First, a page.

Manitoba Mineral Analytical Facility

Mission Statement

The Manitoba Mineral Analytical Facility (MMAF) is focused on serving the environmental, exploration and mining sector in Canada and offers subsidies for companies working in Manitoba. Our mission is to aide in creating sustainable economic development in Manitoba, as we move away from a higher emission past to a cleaner and more renewable sourced future.  Critical metals and minerals are vital, and we seek to be leaders in providing quality technical services for this imperative. We collaborate with industry, academia and government in working towards a prosperous and sustainable future for all.

Primary Services

The MMAF conducts in depth rock and mineral analyses, ranging from sample preparation and petrographic reporting to detailed mineral phase and ore characterization.

  • 1. Petrographic reporting and rock characterization:

    This involves making a polished thin section from a rock sample and then analyzing it using transmitted and reflected optical microscopy. This results in qualitative descriptions of texture, minerals present, alteration, metamorphism and estimated modal percentages of each mineral. This is commonly combined with scanning electron microscopy (SEM) and X-Ray diffraction (XRD) to increase confidence and provide quantitative results. This will facilitate rock classification, mineral identification and degree of metamorphism and hydrothermal alteration etc.

    Phase Analysis

    Back-scattered electron images with superimposed elemental maps highlighting the different phases in this rock. Gold grains are observed as inclusions in pyrite as well as in micro-fractures and along grain boundaries.

  • 2. High magnification Imaging:

    High resolution scanning electron microscopy micro textural and mineral information such as precious metal citing, micro-veins, mineral association and any minute changes that may occur due to differing external stimuli, environments, or treatments. 3D imaging at high magnification provides essential information for many applications.

  • 3. Detailed Ore Characterization:

    This is an automated process that uses scanning electron microscopy (SEM) energy dispersive spectroscopy (EDS) and the latest analytical software from Oxford Instruments to scan thin sections for precious metals and ore minerals, analyzing and documenting each occurrence. This results in thorough quantitative information regarding your mineralization including: morphology, grain size, composition, and mineral/metal associations. This may be done at any stage, from exploration to processing, aiding in optimizing recoveries and overall efficiencies. This is a must for geometallurigical studies and understanding your ore.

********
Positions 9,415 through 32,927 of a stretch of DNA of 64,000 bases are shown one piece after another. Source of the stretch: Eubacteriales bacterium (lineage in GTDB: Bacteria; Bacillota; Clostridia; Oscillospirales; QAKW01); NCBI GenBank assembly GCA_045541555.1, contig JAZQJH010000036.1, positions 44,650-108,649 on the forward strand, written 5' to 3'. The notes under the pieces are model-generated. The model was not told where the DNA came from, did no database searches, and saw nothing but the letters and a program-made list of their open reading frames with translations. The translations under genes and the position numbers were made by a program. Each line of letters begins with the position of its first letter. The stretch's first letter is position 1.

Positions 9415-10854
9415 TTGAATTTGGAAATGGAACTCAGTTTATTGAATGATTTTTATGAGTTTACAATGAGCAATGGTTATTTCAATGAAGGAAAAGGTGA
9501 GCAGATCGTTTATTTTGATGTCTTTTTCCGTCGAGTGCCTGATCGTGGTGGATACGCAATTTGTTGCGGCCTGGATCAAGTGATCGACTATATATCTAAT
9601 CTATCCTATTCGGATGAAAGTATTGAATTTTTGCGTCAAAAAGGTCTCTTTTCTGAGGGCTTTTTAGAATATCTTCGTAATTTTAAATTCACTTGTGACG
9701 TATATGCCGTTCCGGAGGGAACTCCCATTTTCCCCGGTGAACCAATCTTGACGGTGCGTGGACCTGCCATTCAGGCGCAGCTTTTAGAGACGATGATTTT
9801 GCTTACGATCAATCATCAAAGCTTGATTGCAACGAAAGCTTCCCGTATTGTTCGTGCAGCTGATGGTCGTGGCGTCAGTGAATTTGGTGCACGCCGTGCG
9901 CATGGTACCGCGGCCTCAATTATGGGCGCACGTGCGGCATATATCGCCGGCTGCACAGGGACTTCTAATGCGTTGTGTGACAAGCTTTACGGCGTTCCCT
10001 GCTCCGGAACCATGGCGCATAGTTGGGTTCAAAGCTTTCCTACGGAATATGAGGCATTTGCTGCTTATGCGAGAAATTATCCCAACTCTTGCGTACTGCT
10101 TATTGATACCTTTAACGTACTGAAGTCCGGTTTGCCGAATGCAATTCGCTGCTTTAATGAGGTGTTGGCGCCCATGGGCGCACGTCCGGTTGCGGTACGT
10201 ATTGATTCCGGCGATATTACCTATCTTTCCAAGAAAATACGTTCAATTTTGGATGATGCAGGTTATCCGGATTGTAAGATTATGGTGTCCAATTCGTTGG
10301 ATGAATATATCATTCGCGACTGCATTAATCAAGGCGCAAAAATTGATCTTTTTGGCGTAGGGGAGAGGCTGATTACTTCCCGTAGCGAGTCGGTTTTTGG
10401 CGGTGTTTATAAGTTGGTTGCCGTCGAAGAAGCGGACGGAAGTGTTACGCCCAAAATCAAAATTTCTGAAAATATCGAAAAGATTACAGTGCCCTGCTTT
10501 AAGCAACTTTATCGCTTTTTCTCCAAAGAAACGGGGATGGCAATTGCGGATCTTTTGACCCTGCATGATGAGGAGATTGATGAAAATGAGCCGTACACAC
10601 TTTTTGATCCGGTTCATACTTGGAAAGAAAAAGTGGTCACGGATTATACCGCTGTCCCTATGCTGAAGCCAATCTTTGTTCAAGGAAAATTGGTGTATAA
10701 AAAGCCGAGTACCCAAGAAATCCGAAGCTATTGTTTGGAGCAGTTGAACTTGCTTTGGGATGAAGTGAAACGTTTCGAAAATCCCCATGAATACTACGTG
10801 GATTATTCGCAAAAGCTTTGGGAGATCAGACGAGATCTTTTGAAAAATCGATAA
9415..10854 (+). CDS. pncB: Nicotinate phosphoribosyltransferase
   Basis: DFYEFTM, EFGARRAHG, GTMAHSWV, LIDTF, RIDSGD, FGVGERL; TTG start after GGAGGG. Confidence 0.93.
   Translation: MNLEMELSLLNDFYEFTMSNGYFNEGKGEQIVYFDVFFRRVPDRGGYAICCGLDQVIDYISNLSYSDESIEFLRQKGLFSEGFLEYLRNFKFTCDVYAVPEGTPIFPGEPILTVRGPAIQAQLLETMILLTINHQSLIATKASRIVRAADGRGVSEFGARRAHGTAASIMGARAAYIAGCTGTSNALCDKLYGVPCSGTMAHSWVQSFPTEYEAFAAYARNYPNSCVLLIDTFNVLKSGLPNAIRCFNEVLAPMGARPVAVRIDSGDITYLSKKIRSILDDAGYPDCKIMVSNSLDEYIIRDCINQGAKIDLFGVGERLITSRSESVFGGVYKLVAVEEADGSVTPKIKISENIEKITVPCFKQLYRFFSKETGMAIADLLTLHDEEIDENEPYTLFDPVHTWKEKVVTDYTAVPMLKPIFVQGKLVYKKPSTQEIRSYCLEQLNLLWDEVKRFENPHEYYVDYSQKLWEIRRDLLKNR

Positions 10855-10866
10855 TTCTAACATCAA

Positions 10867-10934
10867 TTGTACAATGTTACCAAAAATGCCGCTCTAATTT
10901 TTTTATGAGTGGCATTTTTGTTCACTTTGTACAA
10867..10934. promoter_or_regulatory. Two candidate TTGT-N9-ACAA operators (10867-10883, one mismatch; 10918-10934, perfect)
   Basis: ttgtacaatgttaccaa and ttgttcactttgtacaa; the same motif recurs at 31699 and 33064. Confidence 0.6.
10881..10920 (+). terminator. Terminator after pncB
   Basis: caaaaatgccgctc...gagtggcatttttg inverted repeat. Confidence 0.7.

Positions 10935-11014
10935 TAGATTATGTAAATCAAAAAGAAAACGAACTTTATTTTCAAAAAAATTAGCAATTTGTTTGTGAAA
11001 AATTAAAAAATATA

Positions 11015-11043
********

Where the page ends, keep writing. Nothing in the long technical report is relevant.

Back-scattered electron image showing gold grains in red (A), highlighted gold grain spectrum (B), and morphological and compositional information for highlighted grain (C). Automated feature analysis scans samples for precious metal phases and details chemistry, morphology, occurrence and association.

  • 4. Systematic XRD analyses on drill core:

    This is carried out in order to give a systematic reliable semi-quantitative to quantitative index for identification of the rocks and minerals present in drill core and other samples. The resultant data is much more reliable than core logs alone, which can be subjective and vary from logger to logger. XRD data is used to improve core logging accuracy, precision and correlation between logs and drill holes. Generally, it is recommended that this be carried out every 10 meters, however this may differ slightly from place to place and the variability of your rocks. This data may be used to extrapolate hardness and rock quality, or in combination with hardness tests and assay results, deduce a good estimate of rock behavior. Further it identifies and quantifies neutralizing and acid generating minerals so you may use this data to classify your rock as potential acid generating (PAG) or non-acid generating (NAG). It may be used to provide metallurgists with an idea of what deleterious elements or minerals are present in your ore. This information is not only essential to geologists and metallurgists, but also blast engineers, environmental reps, mine engineers, etc.


XRD: Pie chart (A) and diffractogram (B) displaying XRD results for a sample. Quantitative values (C) obtained from Rietveld refinement using Whole Powder Pattern Fitting (WPPF) method.

Roy and Kirill preparing polished thin-sections in one of the lapidary laboratories.

Gideon cutting drill core samples which will be powdered and analyzed using X-ray diffraction for mineral identification, concentrations and rock classification.

Primary Applications

Mine Development and Exploration

  • Characterization of rocks and minerals
  • Early indicators of mineral recoveries
  • Assessment of diamond indicator minerals
  • Geometallurgical mapping of ore bodies
  • Research and Development

Mineral Processing and Metallurgy

  • Mineral liberation studies
  • Determination of mineral associations and liberation parameters
  • Calculation of mineralogical grade-recovery curves
  • Mineralogical balances for precious minerals
  • Characterize metallurgical products from smelting, refining and hydrometallurgy

Mining and the Environment

  • Characterization of mine tailings, waste rock, slags, leach residues and sludges
  • Speciation and distribution of heavy metals
  • Identification and quantification of acid generating and neutralizing minerals

At Brandon University we realize that individual needs may vary from client to client and we encourage you to contact us to discuss your specific project and analytical requirements.